MACHIAS, Maine — When members of the Washington County Budget Committee first began meeting last August, they knew a daunting task was ahead of them.
The proposed county budget for 2011 started at $6.2 million, which was about $300,000 higher than the current budget of $5.9 million. But when combined with a more than $400,000 loss of state and local revenue, the proposed budget would have required the county either to cut services or raise taxes by about $750,000 next year.
Two months and four meetings later, there have been major cuts — two positions likely have been eliminated, all raises are gone, and third-party requests have been strictly curbed. Though the budget is not completed, the county still may need to raise a half-million dollars more in taxes this year.
A health insurance foul-up and a lack of surplus to lower taxation have contributed to the problem.
County Manager Betsy Fitzgerald explained Monday that, in an attempt to save money, the county opted last year for a self-funded insurance plan. That didn’t go well, she said.
In addition to a higher number of medical costs than usual, the county’s union employees claimed the new insurance violated the union contract.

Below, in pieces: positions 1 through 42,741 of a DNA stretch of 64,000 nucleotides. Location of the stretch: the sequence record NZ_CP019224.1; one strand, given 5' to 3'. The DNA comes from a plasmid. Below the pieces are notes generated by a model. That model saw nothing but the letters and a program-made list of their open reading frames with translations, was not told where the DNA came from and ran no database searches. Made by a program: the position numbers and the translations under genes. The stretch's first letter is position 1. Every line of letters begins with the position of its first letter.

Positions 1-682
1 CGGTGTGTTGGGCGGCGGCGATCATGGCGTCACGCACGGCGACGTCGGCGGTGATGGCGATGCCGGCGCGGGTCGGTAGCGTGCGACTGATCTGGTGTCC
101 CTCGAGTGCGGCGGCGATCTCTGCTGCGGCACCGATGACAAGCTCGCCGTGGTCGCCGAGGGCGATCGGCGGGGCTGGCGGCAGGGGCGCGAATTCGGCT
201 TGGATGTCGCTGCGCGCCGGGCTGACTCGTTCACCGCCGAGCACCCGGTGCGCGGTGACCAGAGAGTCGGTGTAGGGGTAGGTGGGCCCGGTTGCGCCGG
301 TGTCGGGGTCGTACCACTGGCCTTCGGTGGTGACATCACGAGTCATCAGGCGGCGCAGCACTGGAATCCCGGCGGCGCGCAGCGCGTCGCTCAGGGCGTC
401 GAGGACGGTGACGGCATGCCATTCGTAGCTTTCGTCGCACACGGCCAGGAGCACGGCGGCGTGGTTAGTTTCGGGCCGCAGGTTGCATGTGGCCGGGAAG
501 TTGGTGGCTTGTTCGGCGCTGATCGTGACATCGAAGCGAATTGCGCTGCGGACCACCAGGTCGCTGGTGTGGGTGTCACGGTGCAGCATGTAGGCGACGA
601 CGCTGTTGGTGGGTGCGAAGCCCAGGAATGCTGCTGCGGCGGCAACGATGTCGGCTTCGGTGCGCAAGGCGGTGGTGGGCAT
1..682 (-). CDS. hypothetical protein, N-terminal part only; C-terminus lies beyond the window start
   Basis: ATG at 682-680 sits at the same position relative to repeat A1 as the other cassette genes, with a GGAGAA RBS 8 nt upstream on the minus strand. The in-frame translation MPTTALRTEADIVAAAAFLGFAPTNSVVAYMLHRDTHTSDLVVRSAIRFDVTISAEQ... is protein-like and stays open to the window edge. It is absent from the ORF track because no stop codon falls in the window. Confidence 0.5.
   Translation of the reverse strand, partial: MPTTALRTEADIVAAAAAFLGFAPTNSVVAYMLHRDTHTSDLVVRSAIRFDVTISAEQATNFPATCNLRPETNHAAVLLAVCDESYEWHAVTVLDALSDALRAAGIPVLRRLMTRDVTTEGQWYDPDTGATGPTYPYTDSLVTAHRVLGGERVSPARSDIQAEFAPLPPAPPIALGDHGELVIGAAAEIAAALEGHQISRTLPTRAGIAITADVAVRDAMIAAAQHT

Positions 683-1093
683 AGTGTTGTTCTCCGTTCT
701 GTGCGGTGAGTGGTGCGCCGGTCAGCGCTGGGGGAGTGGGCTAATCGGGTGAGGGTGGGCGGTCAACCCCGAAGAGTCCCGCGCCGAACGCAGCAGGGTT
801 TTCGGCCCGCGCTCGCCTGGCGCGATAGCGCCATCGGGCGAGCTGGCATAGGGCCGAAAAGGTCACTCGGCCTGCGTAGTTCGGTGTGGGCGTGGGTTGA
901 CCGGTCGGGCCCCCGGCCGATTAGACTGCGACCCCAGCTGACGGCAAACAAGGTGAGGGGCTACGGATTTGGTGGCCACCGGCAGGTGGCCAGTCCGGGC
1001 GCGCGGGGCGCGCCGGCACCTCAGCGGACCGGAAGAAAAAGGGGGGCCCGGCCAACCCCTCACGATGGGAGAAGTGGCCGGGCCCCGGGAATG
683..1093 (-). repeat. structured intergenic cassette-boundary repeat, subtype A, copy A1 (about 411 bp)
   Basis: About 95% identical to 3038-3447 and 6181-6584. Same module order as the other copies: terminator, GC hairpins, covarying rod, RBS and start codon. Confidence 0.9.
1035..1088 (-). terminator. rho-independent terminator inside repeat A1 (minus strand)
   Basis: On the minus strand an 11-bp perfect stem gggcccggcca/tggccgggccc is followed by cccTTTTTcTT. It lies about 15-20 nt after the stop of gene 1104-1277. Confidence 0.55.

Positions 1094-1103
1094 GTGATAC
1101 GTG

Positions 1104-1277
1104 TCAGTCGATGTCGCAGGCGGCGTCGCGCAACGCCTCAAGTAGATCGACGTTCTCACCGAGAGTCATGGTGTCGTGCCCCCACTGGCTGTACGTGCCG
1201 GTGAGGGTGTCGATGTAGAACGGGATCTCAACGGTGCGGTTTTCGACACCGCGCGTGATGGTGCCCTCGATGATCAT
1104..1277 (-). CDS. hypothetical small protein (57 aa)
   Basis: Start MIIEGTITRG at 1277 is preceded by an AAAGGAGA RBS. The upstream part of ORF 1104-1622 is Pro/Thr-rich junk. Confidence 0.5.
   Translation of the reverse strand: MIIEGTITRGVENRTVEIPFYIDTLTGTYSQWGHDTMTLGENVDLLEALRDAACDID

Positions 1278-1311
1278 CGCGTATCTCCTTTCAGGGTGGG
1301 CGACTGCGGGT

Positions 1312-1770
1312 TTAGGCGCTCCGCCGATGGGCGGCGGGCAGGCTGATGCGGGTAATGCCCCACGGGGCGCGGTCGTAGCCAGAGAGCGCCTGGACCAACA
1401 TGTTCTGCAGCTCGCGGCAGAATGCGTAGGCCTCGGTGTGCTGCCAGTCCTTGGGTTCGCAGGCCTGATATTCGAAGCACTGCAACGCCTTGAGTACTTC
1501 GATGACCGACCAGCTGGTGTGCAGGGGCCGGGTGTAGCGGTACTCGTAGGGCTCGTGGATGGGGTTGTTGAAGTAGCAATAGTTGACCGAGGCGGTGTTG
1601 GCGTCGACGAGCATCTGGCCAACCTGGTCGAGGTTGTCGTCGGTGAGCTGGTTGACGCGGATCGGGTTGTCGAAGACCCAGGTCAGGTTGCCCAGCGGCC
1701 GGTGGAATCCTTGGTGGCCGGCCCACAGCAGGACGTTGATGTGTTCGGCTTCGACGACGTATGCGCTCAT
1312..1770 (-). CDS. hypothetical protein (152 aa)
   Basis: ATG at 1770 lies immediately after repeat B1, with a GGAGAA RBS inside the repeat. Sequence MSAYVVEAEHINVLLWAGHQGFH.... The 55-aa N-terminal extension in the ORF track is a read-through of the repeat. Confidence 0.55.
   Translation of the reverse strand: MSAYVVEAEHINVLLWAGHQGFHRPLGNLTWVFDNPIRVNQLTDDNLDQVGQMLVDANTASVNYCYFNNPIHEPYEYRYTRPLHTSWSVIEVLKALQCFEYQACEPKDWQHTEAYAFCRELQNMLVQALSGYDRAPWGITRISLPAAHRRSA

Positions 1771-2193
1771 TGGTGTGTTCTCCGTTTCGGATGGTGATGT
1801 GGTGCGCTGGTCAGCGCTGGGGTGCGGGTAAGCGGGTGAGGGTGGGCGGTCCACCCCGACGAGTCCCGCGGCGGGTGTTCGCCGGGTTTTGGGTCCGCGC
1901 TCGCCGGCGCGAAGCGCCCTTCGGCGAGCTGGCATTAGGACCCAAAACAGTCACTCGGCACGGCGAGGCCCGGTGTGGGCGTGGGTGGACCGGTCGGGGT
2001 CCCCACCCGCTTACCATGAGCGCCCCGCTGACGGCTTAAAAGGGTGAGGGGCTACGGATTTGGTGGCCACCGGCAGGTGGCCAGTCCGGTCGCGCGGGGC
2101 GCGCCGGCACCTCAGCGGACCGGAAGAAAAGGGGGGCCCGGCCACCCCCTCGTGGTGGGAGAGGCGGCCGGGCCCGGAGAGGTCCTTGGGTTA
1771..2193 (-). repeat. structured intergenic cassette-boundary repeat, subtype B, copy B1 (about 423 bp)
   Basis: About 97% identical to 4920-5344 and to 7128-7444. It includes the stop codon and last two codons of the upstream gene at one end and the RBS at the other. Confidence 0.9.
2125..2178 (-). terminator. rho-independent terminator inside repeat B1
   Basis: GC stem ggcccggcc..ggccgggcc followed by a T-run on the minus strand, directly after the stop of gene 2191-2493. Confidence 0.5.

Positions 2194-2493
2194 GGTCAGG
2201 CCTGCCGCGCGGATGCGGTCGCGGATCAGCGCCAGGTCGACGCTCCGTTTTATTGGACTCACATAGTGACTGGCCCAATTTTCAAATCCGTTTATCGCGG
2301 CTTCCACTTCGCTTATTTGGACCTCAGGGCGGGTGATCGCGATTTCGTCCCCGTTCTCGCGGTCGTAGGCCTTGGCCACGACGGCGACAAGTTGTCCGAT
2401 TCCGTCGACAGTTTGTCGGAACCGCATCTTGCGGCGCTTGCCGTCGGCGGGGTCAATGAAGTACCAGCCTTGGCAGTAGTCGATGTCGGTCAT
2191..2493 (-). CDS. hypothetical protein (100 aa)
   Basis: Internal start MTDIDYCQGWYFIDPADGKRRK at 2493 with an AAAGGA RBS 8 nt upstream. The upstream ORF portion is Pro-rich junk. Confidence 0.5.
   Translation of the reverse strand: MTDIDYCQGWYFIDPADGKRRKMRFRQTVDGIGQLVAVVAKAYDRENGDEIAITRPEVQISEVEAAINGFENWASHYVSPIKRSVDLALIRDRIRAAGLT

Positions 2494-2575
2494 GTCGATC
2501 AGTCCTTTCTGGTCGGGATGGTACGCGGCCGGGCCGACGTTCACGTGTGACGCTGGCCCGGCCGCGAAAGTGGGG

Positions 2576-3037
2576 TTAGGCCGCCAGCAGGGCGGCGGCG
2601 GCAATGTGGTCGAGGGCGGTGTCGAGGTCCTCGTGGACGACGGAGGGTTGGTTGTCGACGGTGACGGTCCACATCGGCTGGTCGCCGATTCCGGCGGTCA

Fitzgerald, who was hired in February and inherited last year’s budget, said the union won its appeal before the state Labor Relations Board regarding health insurance.
Fitzgerald said the county now is enrolled with the Maine Municipal Association’s risk management program, but other options are being investigated.
“So our insurance costs for next year are still up in the air,” Fitzgerald said, but they should go down.
To pay off the costs incurred from the self-pay plan, Fitzgerald said almost a quarter of a million dollars was taken from surplus. “That left us without a nice balance like we had last year,” she said.
In 2009, $500,000 was taken — as per state statute — from surplus to lower taxation.
In addition, despite deep cuts, the budget for the Regional Communications Center had to be increased by $100,000 because the RCC took on the city of Calais this year.
Statistics provided by the RCC indicated that county dispatch handled 125 calls from Calais in 2008, 78 in 2009 and 674 by August of this year.
Still, Fitzgerald said, the budget is “bare-bones.”
“It is less than it was five years ago,” she said. “We are just trying to maintain what we have.”
To put the budget in perspective, Fitzgerald used her own Machiasport tax bill as an example. The county section of her taxes amounted to 7.6 percent of the total, or $155.
“For that $155, I get law enforcement, a jail, deeds and property issues, probate court, emergency management, the Regional Communications Center and the district attorney,” she said. “Never mind that the county also maintains a historic 1855 building [the Washington County Courthouse].”
Fitzgerald said the budget committee would meet at least one more time before she expects to hand off the proposal to the county commissioners on Dec. 2.